In Wave 0, participants were randomly assigned to a consensus condition (do not= 1,050) or Management Condition (do not= 1,051). Under the consensus, they learned that the CMC conducted a large survey of about 10,000 doctors from all over the country to gather feedback on COVID-19 vaccines. It was also noted that the views of doctors of different genders, ages and regions are similar. Participants were then shown three diagrams showing their confidence in vaccines, their willingness to be vaccinated, and their responses to recommending the vaccine to their patients. Each of the charts is supplemented by a brief resume. Detailed wording and diagrams are provided in Section 3.3 of the Additional Information. In the control condition, participants did not receive any information about the doctor’s survey.
Prior to the information intervention on Wave 0, we identified previous beliefs about the physician’s views in order to quantify the misconceptions about physicians ’opinions. In particular, participants were asked to calculate (1) the percentage of doctors who believe in vaccines approved in the Czech Republic and (2) the percentage of doctors who have received or intend to be vaccinated. Later, in Wave 1, we found backlinks to determine whether consensus-based people had renewed their beliefs based on the information provided by physicians. In each of the 12 waves, we asked respondents to report whether they had been vaccinated against COVID-19. If the respondent reported receiving at least one dose of the COVID-19 vaccine, the main outcome variable was the same as the “vaccinated” one.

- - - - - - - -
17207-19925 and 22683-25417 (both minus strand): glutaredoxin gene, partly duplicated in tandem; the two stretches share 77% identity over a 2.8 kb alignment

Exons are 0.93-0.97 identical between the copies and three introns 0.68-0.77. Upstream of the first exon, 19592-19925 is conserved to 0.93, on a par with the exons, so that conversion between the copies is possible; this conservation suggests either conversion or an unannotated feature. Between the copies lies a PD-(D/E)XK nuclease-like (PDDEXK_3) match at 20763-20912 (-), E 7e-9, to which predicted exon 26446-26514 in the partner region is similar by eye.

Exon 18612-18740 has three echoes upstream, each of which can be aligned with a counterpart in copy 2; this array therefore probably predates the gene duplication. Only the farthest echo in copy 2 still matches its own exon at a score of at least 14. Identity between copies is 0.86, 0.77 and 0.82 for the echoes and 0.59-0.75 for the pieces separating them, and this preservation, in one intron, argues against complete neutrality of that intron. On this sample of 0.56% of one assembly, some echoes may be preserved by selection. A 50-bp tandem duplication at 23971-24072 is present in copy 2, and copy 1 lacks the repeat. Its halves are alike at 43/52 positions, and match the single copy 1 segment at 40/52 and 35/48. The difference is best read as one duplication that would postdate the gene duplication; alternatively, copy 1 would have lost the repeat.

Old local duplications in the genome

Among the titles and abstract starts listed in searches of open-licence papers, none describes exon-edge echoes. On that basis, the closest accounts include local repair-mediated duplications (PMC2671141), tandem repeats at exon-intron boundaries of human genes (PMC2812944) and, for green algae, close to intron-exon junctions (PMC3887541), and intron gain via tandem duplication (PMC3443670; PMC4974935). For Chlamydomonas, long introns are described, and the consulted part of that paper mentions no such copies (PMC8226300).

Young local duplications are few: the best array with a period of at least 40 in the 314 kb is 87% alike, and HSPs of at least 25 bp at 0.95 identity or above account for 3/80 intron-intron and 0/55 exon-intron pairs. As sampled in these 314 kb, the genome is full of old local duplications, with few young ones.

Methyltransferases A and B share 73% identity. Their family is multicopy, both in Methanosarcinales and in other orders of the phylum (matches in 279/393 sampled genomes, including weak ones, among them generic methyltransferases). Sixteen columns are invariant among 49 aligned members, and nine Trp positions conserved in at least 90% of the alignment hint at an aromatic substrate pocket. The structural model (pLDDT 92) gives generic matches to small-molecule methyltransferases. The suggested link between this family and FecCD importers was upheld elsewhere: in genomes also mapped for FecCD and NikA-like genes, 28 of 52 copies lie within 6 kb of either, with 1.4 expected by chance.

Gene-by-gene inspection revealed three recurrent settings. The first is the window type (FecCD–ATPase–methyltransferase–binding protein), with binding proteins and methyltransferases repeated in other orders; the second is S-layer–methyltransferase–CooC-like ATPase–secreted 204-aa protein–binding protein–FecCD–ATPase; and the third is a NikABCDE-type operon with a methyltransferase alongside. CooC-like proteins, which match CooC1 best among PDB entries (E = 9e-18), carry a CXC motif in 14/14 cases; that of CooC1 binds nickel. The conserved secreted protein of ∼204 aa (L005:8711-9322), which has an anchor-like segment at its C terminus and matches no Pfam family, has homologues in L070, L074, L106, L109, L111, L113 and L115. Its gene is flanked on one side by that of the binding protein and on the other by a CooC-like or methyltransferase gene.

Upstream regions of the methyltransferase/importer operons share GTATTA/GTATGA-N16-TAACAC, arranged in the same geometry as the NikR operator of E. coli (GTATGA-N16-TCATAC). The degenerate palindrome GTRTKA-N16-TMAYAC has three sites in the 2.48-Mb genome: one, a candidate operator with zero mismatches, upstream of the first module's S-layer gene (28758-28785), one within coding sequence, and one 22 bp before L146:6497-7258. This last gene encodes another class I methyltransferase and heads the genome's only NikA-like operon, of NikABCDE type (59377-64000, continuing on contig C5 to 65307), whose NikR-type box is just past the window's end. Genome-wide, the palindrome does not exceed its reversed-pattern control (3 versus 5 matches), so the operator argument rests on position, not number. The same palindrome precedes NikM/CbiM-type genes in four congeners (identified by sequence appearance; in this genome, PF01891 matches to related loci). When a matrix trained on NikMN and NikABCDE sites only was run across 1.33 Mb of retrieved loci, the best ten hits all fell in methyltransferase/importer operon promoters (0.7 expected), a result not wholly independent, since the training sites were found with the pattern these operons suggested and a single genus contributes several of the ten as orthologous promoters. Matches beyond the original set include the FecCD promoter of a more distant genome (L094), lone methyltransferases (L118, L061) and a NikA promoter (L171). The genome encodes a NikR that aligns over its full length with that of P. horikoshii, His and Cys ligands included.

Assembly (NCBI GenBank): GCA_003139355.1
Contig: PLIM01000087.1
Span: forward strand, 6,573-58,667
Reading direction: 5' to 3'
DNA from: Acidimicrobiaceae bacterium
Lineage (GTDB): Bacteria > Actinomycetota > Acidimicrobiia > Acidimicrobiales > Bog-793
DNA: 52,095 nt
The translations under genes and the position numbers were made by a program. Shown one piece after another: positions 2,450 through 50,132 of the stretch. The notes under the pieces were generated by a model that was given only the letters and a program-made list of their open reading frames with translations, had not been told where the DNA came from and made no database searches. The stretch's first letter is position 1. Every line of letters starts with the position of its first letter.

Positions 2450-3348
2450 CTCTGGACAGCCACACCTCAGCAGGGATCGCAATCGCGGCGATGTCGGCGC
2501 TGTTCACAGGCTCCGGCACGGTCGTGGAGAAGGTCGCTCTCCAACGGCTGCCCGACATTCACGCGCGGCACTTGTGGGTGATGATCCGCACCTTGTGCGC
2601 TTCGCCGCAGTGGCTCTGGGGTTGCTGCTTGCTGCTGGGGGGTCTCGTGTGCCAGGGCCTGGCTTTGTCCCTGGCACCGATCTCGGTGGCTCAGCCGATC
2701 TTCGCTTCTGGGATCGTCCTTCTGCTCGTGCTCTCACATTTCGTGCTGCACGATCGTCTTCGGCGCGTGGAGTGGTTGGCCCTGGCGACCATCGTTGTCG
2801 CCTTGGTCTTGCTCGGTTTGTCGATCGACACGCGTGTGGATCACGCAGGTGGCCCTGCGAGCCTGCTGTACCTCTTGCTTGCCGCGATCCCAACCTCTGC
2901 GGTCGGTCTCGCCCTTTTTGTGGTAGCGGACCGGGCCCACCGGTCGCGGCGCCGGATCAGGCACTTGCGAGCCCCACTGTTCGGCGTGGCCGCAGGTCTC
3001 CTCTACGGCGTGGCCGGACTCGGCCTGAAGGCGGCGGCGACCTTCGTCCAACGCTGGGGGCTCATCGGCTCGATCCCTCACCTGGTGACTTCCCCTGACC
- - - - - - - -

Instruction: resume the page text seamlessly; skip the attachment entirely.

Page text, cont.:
In the analysis, we specify two main regressions: (1) control linear probability regression for pre-registered covariates: gender, age (6 categories), household size, number of children, area (14 areas), city size (7) categories), education (category 4), economic status (category 7), household income (category 11) and intention to pre-vaccination, and (2) LASO linear regression, including pre-vaccination, which selected a broad set of controls in Table 1 beliefs about vaccine intake and physicians ’views.
Additional information to check the status of vaccination
We collected two sets of additional data to verify the status of the reported vaccination in the main data set.
Third Party Verification